Online wills and probate records of the rich and famous

Celebrity, Family History
12 December 2015
by

William Shakespeare (<a href="https://commons.wikimedia.org/wiki/File:Shakespeare.jpg" target="_blank" rel="noopener">Wikimedia Commons</a>)

  • Fortunes of famous names, including William Shakespeare, Jane Austen, and Sir Francis Drake, revealed
  • Collection covers almost five centuries and comprises more than a million records
  • Records predate civil registration, making them a valuable family history resource

You can’t take it with you. But you can sure decide who gets it when you’re gone.

That’s what makes the probate records from the Prerogative Court of Canterbury that you can now search and view online so interesting. Until 1858, the Prerogative Court of Canterbury, or PCC, had wide jurisdiction, with responsibility for probating wills where the value of assets was greater than 5 pounds in the south of England, Wales, and for those who died abroad. Five pounds may not seem like a fortune today, but back in the 14th century, when some of the PCC wills were proved, it represented a tidy little sum. Which means the PCC was the court of choice for the rich and famous.

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Folks like William Shakespeare, who (in)famously left his wife, Anne Hathaway, “my second best bed with the furniture” in his will dated March 25, 1616. He also left a sum of £150 to each of his two daughters (over £380,000 today), and 26 s. 8d. to each of seven male friends and business partners to buy mourning rings in his remembrance. His clothes (“all my wearing apparel”), on the other hand, went to his sister Joan.

When Pride and Prejudice author Jane Austen died on July 18, 1817, she possessed assets totalling around £800 (£60,000 today). The majority went to her sister, Cassandra, aside from £50 to her brother Henry, who served as her literary agent, and another £50 to a Madame Bigoen, who had previously acted as a nurse to her family.

Sir Francis Drake, by Marcus Gheeraerts
Sir Francis Drake

Privateer and explorer Sir Francis Drake turns out to be something of a real-life Robin Hood in the wills. Having plundered many Spanish naval vessels and earned a fortune during his adventures in the Americas, Drake left 40 pounds to the ‘poore people’ of the town and Parish of Plymouth in 1596—the equivalent of £150,000 today.

Lord Nelson had no qualms about putting his mistress, Emma Hamilton, before his wife in his will—though he provided for both. Nelson’s will also shows that last wishes aren’t always respected. He asked that his body “be interred in the parish church of Burnham Thorpe in the county of Norfolk aforesaid near the remains of my deceased father and mother and in as private a manner as may be…” unless His Majesty dictated otherwise. His Majesty did direct otherwise. Nelson’s very public funeral was held in St. Paul’s, attended by thousands, and went on for 4 hours.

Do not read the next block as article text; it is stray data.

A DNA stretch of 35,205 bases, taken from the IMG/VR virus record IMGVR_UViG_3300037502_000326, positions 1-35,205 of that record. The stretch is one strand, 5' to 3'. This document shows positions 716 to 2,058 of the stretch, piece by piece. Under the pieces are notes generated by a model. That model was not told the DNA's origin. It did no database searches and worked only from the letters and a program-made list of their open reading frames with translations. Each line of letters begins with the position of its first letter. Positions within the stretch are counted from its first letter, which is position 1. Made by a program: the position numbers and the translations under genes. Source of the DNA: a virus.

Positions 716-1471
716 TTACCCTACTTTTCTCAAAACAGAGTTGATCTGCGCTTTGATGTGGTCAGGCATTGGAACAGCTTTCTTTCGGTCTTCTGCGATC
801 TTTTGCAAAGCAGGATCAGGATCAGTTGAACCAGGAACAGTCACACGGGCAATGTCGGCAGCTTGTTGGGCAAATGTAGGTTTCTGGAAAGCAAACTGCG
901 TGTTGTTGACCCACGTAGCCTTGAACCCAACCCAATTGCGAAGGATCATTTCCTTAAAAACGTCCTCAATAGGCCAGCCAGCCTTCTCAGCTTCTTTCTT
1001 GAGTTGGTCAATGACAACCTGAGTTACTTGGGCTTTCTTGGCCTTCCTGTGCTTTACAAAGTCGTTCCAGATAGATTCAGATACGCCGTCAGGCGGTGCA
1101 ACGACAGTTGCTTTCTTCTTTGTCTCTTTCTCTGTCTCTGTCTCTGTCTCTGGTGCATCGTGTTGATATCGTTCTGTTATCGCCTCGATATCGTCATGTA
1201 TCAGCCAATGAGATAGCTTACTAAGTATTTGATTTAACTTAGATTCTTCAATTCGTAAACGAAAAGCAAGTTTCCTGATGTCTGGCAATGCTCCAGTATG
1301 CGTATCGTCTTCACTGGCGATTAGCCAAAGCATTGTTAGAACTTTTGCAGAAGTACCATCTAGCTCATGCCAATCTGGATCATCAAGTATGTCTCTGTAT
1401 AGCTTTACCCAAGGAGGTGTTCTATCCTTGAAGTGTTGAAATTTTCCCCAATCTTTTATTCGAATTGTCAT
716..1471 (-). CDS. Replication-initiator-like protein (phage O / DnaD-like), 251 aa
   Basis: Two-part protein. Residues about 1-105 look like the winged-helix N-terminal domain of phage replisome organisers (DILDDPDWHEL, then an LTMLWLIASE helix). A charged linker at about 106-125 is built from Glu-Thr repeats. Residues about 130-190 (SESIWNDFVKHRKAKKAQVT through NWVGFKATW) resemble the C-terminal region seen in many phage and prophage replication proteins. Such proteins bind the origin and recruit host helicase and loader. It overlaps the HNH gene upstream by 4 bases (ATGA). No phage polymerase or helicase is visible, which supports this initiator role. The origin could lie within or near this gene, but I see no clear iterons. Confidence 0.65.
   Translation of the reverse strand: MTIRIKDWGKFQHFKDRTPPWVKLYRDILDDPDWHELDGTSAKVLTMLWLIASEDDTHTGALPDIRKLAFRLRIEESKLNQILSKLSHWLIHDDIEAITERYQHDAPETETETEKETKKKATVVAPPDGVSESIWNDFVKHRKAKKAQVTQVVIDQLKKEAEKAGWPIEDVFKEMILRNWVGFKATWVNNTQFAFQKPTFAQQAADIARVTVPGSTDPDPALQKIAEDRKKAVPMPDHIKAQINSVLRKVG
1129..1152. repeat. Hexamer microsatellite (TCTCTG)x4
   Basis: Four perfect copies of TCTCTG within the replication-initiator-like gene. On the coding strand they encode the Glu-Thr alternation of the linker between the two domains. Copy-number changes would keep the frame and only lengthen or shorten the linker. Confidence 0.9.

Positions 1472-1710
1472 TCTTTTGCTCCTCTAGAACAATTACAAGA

The PCC wills are now available at Ancestry.co.uk, the UK’s favourite family history website. They span nearly five centuries and feature more than a million probate records waiting to be pored over by descendants, history buffs, or the curious looking for how much people owned and who they left it to.

Other famous names in the collection include:

  • William Pitt the Elder (1708-1778) An acclaimed politician, Pitt left £3,500 to his son William, £1,750 to his son James Charles Pitt and the same amount to his daughter Lady Harriet Pitt, a cool million in today’s money
  • George Frederick Handel (1685-1759) This German born composer left £600 maximum to build a monument of himself in Westminster Abbey. That’s about £90,000 today.
  • Sir Francis Bacon (1561-1626) A philosopher, scientist and author, Bacon’s will reveals his generosity towards his staff. He left servant Robert Halpeny the equivalent of £800,000 on top of provisions of hay, firewood and timber and fellow worker Stephen Paise £700,000 and a bed.

The original records are held at The National Archives and some of the earliest records in the collection cover males as young as 14 and girls as young as 12. This changed in 1837, when it was decided by the court that both genders must be over the age of 21 to have a will proved.

On top of monetary matters, these records tell us more about the private lives of some very public figures and will help historians discover more about the dynamics of their personal and familial relationships.

The majority of the PCC wills also pre-date civil registration, the government system established in 1837 to keep accurate accounts of citizens’ lives in documents such as censuses. This makes the PCC wills a valuable resource for anybody looking to trace an ancestor living before the mid-19th century.

And how else are you going to know who got the bed?